One Sunday after I had finished that odious assignment, my replacement came along, a BJU lifer, Miss Potts. She asked me if I was going to obediently head on over to Vespers (the University’s drama program presented on Sunday afternoons).
“No,” I responded somewhat defiantly. “I’m going to church.”
Miss Potts was an old Southern lady with an absolutely perfect Southern drawl.
“The Univuhsity,” she said, “would want you to go to Vespuhs.” Continue reading ““Loyalty” is not a Christian virtue”
If you’ve blogged for over ten years as I have, you probably have scores of jotted ideas, half-baked posts, drafts, and . . . what do you know it, full posts that somehow never got posted.
Today, when I had a few moments but wanted to avoid listening to the news that literally put me to bed yesterday on Pentecost Sunday, I began scrolling through my files and files of blog ideas.
And then, there before me was a complete post about Bill Gothard’s umbrella heresy that I never had posted. And since Gothard—a man that I, along with many thousands of others, used to adore—has been in the news again recently, and since his teaching promotes complete compliance to abusive authorities (talk about being pertinent to the news!) I’m posting it now.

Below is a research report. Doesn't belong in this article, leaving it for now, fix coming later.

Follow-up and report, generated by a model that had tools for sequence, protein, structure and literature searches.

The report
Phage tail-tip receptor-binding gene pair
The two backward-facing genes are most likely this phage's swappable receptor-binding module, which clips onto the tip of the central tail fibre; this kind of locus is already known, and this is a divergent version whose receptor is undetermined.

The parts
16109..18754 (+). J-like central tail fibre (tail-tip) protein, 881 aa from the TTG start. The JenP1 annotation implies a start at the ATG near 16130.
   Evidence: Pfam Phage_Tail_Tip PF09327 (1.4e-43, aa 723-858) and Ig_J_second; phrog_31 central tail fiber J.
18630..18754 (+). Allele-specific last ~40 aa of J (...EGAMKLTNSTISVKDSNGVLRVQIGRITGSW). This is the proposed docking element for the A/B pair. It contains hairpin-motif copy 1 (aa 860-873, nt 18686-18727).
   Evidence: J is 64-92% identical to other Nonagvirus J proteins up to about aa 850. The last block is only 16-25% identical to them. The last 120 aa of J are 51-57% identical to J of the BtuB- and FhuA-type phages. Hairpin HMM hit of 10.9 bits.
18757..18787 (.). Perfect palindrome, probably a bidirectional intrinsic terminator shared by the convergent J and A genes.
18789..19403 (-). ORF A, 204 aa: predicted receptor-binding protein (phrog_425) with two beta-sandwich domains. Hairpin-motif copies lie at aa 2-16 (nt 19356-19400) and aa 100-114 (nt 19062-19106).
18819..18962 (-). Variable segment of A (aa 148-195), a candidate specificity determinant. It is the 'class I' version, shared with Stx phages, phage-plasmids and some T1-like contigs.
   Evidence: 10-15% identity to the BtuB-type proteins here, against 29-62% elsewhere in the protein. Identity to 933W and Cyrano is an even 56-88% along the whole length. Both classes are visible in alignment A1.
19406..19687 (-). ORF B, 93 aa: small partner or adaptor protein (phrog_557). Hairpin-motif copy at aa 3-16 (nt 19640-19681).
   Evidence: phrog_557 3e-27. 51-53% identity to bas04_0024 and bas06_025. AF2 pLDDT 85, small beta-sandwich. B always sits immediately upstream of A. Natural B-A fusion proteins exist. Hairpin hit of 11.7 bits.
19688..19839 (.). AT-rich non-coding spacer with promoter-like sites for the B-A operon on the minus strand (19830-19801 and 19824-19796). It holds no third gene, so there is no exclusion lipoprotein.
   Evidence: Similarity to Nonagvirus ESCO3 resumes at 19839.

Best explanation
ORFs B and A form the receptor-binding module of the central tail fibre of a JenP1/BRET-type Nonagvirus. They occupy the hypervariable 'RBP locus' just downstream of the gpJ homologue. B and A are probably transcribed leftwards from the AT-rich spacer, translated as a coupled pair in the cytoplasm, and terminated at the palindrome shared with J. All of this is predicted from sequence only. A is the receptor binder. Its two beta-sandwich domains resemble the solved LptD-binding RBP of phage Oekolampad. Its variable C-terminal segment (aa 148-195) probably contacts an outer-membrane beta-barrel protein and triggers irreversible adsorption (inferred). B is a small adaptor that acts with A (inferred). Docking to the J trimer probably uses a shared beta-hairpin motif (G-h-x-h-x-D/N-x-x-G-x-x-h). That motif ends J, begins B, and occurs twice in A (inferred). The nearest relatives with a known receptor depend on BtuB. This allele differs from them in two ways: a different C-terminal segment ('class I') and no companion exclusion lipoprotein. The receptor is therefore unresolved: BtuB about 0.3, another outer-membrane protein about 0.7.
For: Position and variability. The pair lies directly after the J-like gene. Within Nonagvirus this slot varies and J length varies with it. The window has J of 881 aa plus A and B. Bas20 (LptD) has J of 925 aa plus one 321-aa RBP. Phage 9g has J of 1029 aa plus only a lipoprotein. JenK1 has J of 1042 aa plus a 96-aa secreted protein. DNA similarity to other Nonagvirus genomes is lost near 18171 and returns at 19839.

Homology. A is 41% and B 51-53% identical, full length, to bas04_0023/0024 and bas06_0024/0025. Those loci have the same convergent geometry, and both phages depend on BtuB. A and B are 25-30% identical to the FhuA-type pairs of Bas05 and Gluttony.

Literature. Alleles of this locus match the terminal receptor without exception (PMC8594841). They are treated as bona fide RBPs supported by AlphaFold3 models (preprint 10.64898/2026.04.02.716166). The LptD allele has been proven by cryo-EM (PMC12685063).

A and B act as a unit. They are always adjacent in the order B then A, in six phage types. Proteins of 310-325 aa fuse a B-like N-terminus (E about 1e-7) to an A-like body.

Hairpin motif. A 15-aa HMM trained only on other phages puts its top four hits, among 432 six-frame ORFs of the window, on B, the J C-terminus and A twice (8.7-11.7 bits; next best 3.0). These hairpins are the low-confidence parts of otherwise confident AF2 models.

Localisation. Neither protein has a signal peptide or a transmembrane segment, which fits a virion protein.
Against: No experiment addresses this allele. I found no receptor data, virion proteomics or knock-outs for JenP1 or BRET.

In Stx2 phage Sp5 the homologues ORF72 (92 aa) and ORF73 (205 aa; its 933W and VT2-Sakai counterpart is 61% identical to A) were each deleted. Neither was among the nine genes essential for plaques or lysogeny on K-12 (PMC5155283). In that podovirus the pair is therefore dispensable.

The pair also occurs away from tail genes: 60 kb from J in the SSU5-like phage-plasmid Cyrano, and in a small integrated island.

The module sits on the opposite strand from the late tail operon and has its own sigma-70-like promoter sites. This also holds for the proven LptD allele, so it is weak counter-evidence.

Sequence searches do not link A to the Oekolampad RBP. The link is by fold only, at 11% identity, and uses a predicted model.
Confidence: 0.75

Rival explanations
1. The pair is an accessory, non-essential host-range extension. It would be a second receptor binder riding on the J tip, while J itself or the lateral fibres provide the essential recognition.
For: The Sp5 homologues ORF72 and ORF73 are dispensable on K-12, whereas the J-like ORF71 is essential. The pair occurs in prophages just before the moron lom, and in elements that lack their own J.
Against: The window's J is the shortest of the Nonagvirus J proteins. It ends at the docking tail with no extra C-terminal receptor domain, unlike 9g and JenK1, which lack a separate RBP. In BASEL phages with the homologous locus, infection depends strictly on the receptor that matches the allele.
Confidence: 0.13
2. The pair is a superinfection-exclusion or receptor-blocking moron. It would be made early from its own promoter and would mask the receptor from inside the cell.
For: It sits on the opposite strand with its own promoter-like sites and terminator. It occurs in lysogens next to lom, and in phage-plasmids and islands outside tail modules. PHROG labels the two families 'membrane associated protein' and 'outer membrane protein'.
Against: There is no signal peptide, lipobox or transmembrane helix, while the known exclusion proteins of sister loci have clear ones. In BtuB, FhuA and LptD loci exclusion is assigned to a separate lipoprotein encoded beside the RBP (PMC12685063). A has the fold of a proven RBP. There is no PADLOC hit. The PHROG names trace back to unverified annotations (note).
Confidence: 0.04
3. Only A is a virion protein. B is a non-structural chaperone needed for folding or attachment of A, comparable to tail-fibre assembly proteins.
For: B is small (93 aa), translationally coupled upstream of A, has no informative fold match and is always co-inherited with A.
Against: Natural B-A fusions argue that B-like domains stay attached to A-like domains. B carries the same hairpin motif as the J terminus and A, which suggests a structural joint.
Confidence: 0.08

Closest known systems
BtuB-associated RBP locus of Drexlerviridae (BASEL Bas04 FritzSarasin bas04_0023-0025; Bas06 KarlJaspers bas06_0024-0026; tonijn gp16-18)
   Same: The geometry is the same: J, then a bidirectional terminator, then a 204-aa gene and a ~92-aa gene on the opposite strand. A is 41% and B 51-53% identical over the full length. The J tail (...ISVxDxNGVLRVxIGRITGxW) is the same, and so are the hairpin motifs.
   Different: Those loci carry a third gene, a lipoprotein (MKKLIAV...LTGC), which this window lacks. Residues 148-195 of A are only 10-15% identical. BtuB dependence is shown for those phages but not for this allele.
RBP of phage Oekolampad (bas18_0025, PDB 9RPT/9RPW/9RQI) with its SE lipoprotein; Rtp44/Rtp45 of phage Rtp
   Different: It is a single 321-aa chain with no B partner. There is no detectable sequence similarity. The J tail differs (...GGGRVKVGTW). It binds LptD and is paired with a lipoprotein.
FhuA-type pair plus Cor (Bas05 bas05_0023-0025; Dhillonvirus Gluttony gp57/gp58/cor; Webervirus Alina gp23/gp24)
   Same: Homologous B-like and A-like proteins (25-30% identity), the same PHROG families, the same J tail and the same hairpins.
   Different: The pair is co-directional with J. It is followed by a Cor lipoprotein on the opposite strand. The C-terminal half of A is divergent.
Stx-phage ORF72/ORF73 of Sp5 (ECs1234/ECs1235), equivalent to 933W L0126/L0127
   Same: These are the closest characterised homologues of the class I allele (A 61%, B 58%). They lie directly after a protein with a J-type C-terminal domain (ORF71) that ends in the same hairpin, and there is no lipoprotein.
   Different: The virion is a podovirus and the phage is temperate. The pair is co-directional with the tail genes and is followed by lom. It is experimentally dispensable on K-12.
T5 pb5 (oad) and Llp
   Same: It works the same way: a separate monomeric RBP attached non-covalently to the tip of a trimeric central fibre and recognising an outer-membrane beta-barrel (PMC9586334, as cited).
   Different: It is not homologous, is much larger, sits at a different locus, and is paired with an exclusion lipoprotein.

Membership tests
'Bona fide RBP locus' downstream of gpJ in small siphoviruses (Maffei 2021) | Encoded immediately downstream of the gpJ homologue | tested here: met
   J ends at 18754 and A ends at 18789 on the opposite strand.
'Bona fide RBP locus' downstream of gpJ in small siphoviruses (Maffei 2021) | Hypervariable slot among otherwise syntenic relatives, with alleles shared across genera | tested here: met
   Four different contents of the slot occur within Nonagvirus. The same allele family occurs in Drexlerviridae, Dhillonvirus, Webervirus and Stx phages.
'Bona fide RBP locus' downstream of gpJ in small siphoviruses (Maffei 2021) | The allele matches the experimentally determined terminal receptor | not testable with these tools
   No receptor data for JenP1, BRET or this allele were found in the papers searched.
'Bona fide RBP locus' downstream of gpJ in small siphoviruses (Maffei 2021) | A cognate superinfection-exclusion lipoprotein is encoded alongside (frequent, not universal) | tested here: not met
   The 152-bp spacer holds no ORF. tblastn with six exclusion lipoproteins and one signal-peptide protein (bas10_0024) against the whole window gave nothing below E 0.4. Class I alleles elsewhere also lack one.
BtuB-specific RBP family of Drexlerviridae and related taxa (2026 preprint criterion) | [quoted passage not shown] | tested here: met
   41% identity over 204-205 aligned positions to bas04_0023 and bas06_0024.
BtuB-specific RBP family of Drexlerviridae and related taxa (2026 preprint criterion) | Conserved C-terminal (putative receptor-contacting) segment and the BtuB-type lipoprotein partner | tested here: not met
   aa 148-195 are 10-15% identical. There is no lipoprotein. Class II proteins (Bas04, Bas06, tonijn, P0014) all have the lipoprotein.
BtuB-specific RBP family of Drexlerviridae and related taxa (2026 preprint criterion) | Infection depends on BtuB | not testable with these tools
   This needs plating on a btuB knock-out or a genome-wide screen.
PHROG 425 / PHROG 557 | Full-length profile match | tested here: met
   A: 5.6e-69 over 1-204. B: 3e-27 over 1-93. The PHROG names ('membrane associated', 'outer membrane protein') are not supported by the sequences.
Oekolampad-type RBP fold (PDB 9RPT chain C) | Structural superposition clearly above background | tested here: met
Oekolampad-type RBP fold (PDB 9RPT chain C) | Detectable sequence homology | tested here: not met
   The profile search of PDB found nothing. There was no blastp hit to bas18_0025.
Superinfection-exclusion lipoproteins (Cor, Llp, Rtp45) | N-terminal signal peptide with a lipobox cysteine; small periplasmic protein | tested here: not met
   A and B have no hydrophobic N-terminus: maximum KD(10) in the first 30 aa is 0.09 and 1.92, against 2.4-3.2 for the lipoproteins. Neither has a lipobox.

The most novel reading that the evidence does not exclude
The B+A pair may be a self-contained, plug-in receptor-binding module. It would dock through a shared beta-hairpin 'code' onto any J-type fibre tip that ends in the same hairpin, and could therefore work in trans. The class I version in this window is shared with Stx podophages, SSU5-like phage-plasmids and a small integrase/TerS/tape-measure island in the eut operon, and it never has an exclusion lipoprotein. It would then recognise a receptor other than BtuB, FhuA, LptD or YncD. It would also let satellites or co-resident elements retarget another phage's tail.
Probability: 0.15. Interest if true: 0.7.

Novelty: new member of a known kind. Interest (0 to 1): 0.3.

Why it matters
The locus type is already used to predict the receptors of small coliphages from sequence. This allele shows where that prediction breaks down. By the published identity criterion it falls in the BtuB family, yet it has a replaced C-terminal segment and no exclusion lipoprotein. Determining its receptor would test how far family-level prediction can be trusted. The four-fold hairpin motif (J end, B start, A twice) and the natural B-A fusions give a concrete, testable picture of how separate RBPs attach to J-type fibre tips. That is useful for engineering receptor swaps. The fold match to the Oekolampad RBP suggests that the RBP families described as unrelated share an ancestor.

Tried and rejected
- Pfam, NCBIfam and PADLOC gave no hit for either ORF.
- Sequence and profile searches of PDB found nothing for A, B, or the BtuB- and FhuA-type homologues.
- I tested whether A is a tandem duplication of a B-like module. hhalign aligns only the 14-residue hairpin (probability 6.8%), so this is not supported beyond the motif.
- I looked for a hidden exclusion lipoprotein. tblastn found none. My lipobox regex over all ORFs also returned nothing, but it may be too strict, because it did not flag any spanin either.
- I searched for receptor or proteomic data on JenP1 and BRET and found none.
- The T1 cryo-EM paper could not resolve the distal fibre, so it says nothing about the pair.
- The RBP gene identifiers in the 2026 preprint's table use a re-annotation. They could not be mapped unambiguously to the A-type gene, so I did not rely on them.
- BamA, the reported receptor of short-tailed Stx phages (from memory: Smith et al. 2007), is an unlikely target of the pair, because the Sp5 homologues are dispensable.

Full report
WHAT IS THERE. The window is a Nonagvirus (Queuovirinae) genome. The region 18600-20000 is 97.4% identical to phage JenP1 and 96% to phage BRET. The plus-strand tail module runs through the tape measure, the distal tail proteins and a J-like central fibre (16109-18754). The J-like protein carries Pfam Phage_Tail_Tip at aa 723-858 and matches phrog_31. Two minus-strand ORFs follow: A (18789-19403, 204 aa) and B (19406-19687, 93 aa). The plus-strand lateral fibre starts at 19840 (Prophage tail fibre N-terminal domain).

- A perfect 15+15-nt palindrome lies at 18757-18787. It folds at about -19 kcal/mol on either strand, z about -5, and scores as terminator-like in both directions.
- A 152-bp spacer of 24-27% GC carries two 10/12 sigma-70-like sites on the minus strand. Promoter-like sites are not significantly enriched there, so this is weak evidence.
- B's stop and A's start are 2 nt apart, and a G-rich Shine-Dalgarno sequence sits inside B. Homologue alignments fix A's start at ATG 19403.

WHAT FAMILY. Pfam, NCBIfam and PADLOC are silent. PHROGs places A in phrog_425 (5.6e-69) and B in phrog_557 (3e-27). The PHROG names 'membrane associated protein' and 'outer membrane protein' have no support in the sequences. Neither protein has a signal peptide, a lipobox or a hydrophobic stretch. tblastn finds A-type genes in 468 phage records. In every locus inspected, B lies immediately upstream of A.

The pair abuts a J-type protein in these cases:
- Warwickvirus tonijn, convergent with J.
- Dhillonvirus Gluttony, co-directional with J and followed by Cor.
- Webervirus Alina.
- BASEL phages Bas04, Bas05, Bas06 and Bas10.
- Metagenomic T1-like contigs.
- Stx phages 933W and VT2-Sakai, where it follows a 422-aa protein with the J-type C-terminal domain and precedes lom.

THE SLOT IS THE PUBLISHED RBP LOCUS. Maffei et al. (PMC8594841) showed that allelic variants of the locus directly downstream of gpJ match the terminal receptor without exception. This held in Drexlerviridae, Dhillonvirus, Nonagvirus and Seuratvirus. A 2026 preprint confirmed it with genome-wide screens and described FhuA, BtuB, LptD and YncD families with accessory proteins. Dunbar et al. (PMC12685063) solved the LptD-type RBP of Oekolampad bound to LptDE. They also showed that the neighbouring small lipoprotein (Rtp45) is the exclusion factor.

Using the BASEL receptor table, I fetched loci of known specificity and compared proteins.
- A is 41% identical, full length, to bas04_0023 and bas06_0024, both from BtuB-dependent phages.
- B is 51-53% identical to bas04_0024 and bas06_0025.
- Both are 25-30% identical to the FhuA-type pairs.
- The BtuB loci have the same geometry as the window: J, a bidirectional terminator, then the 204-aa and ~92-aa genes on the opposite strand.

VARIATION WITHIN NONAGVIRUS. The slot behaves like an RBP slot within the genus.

My previous blog post about the Umbrella Heresy is here. Continue reading “Bill Gothard’s umbrella heresy in a day of protests against police brutality”
I had to wait a while to write this post, because last Friday I became angry with Joe Carter at The Gospel Coalition regarding his blog post about conspiracy theories. (It isn’t the first time his writing has angered me—his notorious “Beware of Broken Wolves” post three years ago fired up several of us abuse survivor advocates and others, so much so that the post itself got over 300 comments. Those comments have all been removed now, but the post still stands.)